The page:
- Low-effort: You buy the list—pretty simple.
- Immediate: You’ll buy leads in bulk—so your list can expand your marketing outreach right away.
- Appearances: You can demonstrate to your stakeholders that you are making an important, industry standard, marketing investment that looks good on paper and your stakeholders won't look beyond that paper...until later.
- Not unique: These leads are available to all of you competitors.
- Expensive: Purchased lead lists can quickly eat up your recruitment budget.
- Potentially annoying to your prospects: You’re a reputable academic institution, not spammers—and you don’t want to be perceived as such.
- Unknown quality: Some list providers are extremely reputable, and we don’t want to malign them. But others are not. Raise your hand if you've ever entered a fake Yahoo email address to avoid spam? Your prospects know that trick too. And you are buying those names and email addresses.
How do you know that the leads in this expensive list are legitimate? You’re going on faith—which may be a tough pill to swallow if you’re spending limited resources on this. Lists providers and search sites will tell you about their email validation tools. And yet...what's up with that bounce rate?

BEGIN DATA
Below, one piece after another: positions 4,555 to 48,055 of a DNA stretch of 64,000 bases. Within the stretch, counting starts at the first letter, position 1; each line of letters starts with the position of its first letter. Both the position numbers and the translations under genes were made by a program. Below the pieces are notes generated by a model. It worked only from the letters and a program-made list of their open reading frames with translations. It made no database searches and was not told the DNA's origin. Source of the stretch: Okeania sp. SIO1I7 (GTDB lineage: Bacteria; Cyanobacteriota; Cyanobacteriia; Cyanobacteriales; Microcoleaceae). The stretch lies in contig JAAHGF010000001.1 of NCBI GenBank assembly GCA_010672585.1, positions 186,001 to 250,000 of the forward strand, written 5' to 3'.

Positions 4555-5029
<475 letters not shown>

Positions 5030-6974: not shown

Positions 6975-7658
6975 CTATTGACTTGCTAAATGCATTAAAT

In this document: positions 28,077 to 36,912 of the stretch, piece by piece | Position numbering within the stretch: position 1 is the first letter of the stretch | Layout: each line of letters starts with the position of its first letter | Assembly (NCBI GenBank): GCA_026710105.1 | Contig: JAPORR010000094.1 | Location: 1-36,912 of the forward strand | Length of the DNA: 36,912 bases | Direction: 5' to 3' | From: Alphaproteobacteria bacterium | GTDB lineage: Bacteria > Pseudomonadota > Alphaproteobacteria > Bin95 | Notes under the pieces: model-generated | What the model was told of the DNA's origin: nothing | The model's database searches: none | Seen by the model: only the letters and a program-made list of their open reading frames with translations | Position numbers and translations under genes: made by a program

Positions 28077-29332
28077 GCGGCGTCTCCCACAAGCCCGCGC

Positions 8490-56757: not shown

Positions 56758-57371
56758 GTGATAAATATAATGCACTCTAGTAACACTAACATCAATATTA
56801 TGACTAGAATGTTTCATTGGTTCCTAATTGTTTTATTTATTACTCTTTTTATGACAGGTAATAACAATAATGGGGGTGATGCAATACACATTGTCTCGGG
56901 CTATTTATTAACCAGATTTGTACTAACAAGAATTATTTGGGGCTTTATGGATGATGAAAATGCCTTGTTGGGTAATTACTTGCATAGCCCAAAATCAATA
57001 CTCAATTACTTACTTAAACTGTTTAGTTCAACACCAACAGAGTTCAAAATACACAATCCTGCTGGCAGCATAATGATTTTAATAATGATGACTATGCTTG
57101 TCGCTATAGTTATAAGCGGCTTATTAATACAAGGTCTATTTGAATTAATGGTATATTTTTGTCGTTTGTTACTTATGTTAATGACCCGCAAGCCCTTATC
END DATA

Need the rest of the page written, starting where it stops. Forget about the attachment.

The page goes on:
- Results: At some point in the not too distant future (when "later" finally arrives), someone at your institution is going to look at the marketing spend and the conversion rate. It is going to be an uncomfortable conversation.
- Low open rates: If you get a 3-5% open rate on a message sent to a purchased list, you’re doing well. With a list of “warm” contacts, you’d be getting more like a 25-30% open rate.
- Not entirely effort-free: Even reputable list providers will have some missing data or bad email addresses—which means you’ll need to clean the list.
- A bit risky: The CAN-SPAM act makes it illegal to send emails to Americans who have opted-out of your list. Violations can cost you $16k per email address. When you buy a list, you have to trust that none of the people on that list have already opted out. If they have, and your list provider gives you the address regardless, you’re still legally culpable.